Aesthetic value emanates from the struggle between texts: in the reader, in language, in the classroom, in arguments within a society. Aesthetic value rises out of memory, and so (as Nietzsche saw) out of pain, the pain of surrendering easier pleasures in favour of much more difficult ones ... successful literary works are achieved anxieties, not releases from anxieties.
I want to live with all of my memories, even if they’re sad memories.
I believe that if I stay strong, someday I’ll overcome the pain, and then I’ll be glad that I have those memories. I believe that there are no memories that are okay to forget.
My mother always says that fear and pain are immediate, and that, when they're gone we're left with the concept, but not the true memory.
Mallory dropped her head to the steering wheel.
"Look, I'm mad at you, okay? This isn't about me. I know my painful memories are relative. My life is good. I'm lucky. This isn't about how poor little Mallory has had it so hard. I'm not falling apart or anything." He stroked a hand down her back. "Of course you're not. You're just holding the steering wheel up with your head for a minute, that's all.
The past does not haunt us. We haunt the past. We allow our minds to focus in that direction. We open memories and examine them. We reexperience emotions we felt during the painful events we experienced because we are recalling them in as much detail as we can.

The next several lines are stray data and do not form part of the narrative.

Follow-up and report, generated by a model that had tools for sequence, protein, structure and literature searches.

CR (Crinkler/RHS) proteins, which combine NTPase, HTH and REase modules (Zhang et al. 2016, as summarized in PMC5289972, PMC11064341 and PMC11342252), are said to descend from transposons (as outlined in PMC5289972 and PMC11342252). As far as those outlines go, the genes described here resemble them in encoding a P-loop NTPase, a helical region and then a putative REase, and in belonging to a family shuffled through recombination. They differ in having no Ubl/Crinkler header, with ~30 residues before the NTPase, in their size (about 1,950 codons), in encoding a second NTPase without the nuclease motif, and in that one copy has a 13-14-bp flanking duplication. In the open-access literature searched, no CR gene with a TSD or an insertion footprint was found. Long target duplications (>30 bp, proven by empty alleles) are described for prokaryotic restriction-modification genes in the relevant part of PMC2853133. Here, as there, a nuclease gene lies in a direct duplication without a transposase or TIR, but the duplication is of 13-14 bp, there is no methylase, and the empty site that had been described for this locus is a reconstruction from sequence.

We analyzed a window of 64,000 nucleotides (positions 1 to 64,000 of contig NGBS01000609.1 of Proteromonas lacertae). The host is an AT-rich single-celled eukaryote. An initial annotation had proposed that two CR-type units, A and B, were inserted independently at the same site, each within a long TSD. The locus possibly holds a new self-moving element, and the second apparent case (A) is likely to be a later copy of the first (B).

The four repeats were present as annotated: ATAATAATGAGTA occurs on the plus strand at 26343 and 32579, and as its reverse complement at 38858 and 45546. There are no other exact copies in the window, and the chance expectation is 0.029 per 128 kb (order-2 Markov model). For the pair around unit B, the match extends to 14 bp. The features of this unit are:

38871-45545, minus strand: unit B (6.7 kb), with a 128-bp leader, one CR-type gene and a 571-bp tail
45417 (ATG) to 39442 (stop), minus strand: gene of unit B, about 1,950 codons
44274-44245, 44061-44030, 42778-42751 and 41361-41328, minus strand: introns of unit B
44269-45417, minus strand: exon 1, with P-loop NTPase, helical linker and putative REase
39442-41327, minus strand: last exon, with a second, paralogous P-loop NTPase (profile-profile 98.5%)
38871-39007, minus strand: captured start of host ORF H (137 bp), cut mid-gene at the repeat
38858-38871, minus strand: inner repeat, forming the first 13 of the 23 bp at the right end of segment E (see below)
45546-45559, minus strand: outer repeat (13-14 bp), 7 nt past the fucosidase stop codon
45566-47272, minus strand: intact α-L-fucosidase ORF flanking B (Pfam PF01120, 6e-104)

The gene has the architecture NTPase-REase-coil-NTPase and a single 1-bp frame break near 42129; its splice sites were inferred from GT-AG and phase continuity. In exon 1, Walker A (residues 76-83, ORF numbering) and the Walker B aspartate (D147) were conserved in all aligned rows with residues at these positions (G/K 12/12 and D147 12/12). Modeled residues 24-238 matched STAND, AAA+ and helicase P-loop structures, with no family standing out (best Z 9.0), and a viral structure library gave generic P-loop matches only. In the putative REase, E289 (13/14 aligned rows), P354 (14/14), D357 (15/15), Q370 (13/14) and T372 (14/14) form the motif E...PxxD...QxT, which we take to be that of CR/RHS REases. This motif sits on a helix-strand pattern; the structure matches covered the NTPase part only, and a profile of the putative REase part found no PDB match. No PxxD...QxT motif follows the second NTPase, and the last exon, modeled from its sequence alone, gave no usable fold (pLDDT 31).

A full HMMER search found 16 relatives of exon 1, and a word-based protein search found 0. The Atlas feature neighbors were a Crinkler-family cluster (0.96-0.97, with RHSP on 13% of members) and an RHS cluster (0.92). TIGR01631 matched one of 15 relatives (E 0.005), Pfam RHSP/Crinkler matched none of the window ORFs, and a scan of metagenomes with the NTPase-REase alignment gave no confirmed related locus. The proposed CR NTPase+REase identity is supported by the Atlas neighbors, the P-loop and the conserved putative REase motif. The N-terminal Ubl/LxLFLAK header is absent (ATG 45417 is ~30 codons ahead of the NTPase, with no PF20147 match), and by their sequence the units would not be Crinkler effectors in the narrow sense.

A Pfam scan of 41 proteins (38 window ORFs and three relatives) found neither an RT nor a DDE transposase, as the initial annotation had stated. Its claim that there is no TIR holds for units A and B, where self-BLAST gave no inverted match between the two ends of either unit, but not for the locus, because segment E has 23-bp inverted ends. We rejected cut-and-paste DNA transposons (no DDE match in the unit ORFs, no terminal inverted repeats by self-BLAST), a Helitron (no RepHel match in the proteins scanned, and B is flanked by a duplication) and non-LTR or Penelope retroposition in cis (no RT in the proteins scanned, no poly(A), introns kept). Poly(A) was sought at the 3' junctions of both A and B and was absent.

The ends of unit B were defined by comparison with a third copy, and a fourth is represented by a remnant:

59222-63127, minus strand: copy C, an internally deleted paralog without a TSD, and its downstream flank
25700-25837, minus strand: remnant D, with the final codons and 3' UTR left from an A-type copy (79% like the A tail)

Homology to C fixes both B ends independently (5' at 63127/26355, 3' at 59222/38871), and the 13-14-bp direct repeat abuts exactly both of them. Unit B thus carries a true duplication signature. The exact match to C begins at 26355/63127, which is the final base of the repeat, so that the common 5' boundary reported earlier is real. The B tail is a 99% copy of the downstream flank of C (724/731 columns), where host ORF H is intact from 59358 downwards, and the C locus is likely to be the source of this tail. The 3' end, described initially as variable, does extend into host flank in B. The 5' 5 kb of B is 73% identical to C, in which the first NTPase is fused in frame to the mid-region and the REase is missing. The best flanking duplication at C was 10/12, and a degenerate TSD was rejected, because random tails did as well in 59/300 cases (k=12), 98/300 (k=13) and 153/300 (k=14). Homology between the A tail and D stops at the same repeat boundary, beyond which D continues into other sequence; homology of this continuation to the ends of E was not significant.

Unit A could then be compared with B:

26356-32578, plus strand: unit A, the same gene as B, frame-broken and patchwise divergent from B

No. Take the heart first. Then you don't feel the cold so much. The pain so much. With the heart gone, there's no reason to stay your hand. Your eyes can look on death and not tremble. It's the heart that betrays us, makes us weep, makes us bury our friends when we should be marching ahead. It's the heart that sickens us at night and makes us hate who we are. It's the heart that sings old songs and brings memories of warm days.
Sometimes grief is a comfort we grant ourselves because it's less terrifying than trying for joy. Nobody wants to admit it. We'd all declare we want to be happy, if we could. So why, then, is pain the one thing we most often hold on to? Why are slights and griefs the memories on which we choose to dwell? Is it because joy doesn't last but grief does?
Forget the dead, the past? O yet there are ghosts that may take revenge for it, memories that make the heart a tomb, regrets which gild thro’ the spirit’s gloom, and with ghastly whispers tell that joy, once lost, is pain.
But pain may be a gift to us. Remember, after all, that pain is one of the ways we register in memory the things that vanish, that are taken away. We fix them in our minds forever by yearning, by pain, by crying out. Pain, the pain that seems unbearable at the time, is memory's first imprinting step, the cornerstone of the temple we erect inside us in memory of the dead. Pain is part of memory, and memory is a God-given gift.